"In the photography industry especially, when you are getting started you are always seeking gear, 'If I could only get this $1,000 lens,'" he says. Using just an iPhone to take great photos encourages people to "shift away from focusing on gear and equipment."

Apple commissioned the work of 12 artists at various stages of their career to create works meant to inspire. Showcasing the people who use its technology - in this case, painters, photographers, filmmakers and other visual artists - is a shift for a company long focused on making its products front and center. The artwork, done on iOS devices and Macs using various apps, is displayed on Apple's website as part of an ad campaign called "Start something new." And the Cupertino, California-based company is replacing all product signage in its retail stores with the artwork. Some of the artists are gathering Thursday evening at 6 p.m. at Apple's SoHo store in New York to talk about their work.

Just as technology has transformed the way we work and interact with one another, it has also changed the way we create. For painter Roz Hall, that's meant shifting away from the canvases and acrylic paint he started out using in art school to an iPhone app called Brushes. After not painting for many years, Hall in 2010 read about a group of artists who started using their iPhones and sometimes iPads, which had just come out.

"I had an iPhone at home and I downloaded the Brushes app," he says. "That was a wonderful, simple application."

It was also challenging. When he painted on a canvas, he painted life-size works. Painting on a 3.5 inch-screen was an entirely different thing.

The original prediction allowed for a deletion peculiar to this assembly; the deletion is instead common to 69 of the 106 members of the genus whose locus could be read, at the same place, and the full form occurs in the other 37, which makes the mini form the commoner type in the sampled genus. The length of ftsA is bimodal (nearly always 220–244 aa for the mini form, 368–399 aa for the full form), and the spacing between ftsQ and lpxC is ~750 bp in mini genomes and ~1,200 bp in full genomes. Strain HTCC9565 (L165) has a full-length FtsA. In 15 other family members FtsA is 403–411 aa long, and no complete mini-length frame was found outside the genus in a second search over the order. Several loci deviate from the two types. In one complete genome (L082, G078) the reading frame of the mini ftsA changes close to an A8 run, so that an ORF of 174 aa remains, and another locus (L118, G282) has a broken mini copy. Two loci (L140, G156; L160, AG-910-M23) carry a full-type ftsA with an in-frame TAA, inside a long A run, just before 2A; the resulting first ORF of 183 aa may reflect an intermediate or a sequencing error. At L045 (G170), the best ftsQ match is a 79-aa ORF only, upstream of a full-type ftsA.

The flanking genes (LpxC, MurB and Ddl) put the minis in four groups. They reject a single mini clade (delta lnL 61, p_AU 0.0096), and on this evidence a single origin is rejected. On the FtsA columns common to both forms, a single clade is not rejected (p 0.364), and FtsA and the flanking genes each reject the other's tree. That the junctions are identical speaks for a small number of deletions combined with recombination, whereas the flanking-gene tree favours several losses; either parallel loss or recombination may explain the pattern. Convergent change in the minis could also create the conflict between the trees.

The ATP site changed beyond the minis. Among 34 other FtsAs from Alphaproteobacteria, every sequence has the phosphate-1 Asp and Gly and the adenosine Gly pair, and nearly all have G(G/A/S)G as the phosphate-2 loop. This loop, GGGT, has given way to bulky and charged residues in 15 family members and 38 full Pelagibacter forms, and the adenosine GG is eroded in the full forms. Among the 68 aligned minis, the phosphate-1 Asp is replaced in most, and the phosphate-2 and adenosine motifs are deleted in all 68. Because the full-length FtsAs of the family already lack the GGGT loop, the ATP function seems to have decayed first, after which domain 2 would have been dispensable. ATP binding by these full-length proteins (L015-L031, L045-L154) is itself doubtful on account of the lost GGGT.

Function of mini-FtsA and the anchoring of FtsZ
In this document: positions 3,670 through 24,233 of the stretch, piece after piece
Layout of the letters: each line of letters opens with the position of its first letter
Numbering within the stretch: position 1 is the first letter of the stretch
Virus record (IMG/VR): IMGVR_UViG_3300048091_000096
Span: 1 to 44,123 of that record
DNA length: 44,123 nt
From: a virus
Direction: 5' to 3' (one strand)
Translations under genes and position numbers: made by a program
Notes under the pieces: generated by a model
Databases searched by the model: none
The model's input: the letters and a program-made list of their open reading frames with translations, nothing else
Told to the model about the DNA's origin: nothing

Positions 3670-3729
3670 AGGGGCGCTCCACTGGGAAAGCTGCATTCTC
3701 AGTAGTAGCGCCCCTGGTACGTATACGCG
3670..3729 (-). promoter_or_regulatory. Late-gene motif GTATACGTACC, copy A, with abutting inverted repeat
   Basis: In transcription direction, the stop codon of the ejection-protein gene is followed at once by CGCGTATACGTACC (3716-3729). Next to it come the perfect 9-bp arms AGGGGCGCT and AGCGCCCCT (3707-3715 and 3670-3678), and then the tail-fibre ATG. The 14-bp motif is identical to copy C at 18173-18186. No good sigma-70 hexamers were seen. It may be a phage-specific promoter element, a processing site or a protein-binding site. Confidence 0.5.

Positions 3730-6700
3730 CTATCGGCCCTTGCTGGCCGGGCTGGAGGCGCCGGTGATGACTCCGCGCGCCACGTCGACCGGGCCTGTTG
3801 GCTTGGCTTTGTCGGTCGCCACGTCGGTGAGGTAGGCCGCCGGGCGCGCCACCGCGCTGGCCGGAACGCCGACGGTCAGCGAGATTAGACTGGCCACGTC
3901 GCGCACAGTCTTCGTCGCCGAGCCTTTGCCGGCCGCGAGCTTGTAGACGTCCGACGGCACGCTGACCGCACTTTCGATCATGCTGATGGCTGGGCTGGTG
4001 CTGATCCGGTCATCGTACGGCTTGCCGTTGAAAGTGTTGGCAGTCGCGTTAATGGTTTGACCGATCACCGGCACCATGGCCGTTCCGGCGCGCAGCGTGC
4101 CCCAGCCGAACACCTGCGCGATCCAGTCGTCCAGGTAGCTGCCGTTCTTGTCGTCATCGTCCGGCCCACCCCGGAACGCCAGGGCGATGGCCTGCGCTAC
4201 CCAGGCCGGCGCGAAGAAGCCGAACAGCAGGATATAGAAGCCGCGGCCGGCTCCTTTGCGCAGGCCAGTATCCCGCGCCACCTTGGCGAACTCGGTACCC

"What I liked about it was that there was no setup," Hall says. With all the prep work that comes with traditional painting, he says, "by the time you have everything out the moment has (often) passed."

Hall, whose website lists exhibitions in cities from San Francisco to New York to Shanghai, says he has not painted traditionally for many years. And he prefers painting on the iPad to using a traditional computer. Using the app Procreate to paint with his fingers on the iPad, "you don't feel like you are fighting a computer to create your art. You feel connected to the artwork," he says. "When I first used an iPad, it made me think of cave paintings, or when a child first paints using their finger."

While some artists may look at digital painting as "cheating" - after all, you can delete mistaken brush strokes - Hall, who lives in Britain, thinks it actually makes artists more daring.

"If you spent 50 pounds ($75) on canvas and another 50 pounds on paint, at some point you are going to get careful. You don't want to waste what you spent," he says.

For Apple's display, Hall used Procreate to paint portraits of people he encountered at the university where he lectures. They include a bearded, mustached young man with bright yellow glasses and an intense stare, and a woman in a floppy black hat lost in thought.